SAN ANTONIO – San Antonio arson investigators are looking into a series of fires late Thursday and early Friday involving vacant homes in one East side neighborhood.
The fires all broke out between 11 p.m. Thursday and 7 a.m. Friday, and had fire crews scrambling to put out the flames.
The most damaging destroyed a house in the 900 block of Dawson Street around 5 a.m. Friday and also put firefighters in a dangerous situation.
They had to back out of it and fight the fire from above, using an a hose from a ladder truck.
“It became an issue of, ‘We know it's a total loss. Now it becomes a dangerous structure,” said Battalion Chief Connie Hall, with the San Antonio Fire Department. “We were notified later, and therefore, it was fully involved at the time we arrived.
There wasn’t much firefighters could do to save that structure.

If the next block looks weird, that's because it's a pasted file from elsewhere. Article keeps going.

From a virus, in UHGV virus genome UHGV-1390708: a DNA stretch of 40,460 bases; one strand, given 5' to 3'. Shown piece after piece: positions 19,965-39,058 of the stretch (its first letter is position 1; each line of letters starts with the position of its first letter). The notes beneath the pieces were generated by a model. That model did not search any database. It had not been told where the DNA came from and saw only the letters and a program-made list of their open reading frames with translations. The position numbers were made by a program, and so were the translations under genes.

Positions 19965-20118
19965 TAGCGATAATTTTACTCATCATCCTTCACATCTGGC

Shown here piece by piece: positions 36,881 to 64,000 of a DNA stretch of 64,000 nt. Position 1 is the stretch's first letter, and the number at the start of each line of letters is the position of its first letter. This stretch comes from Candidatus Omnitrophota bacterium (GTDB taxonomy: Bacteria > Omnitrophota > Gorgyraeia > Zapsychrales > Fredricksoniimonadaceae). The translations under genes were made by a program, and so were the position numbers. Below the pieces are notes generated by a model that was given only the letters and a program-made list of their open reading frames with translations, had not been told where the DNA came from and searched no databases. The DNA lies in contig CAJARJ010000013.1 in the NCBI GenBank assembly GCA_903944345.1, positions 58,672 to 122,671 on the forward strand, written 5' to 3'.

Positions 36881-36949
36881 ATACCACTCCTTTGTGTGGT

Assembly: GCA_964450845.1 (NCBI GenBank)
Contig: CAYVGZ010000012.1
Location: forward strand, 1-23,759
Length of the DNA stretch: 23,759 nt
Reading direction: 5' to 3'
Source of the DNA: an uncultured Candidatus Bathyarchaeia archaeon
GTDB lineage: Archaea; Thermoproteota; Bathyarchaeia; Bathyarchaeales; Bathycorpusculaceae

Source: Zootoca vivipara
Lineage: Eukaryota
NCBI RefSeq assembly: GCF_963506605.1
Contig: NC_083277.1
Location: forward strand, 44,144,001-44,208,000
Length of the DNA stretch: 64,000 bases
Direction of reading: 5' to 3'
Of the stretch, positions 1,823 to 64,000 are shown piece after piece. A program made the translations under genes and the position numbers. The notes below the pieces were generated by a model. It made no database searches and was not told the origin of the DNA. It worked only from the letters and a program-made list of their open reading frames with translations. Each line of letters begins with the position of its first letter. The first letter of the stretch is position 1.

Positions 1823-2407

But they did make quick work of two earlier fires.
They arrived before 11 p.m. and put out the flames at a house in the 1400 block of E. Commerce Street.
A few hours later, they were in the 200 block of S. Olive charged with a similar task.
The fire on Dawson Street was the third one within a matter of a few short hours.
Before firefighters had finished packing up their gear, they got a call about a fourth fire in the 1000 block of Montana Street.
“There were no people in there. There are no injuries to civilians or firefighters. All four of these appear to be very suspicious in nature,” said Chief Charles Hood, who arrived at the Montana Street home, promising to get to the bottom of what has been going on.
Hood said arson investigators will do a thorough search of each site, looking for clues about what caused them.
“I can't link them right now but it is a pattern. It is concerning because it's probably not a coincidence,” Hood said. “We can bring the canines in. We can look for accelerants. We can take statements from the neighbors.”
Neighbors, he said, just might be the ones who help them solve this case.
Hood said it was neighbors who smelled smoke and alerted firefighters to at least one of the overnight fires, and he’s hoping everyone remains vigilant.
“If you smell something, say something,” Hood said. “If you see something unusual, say something and call 911.”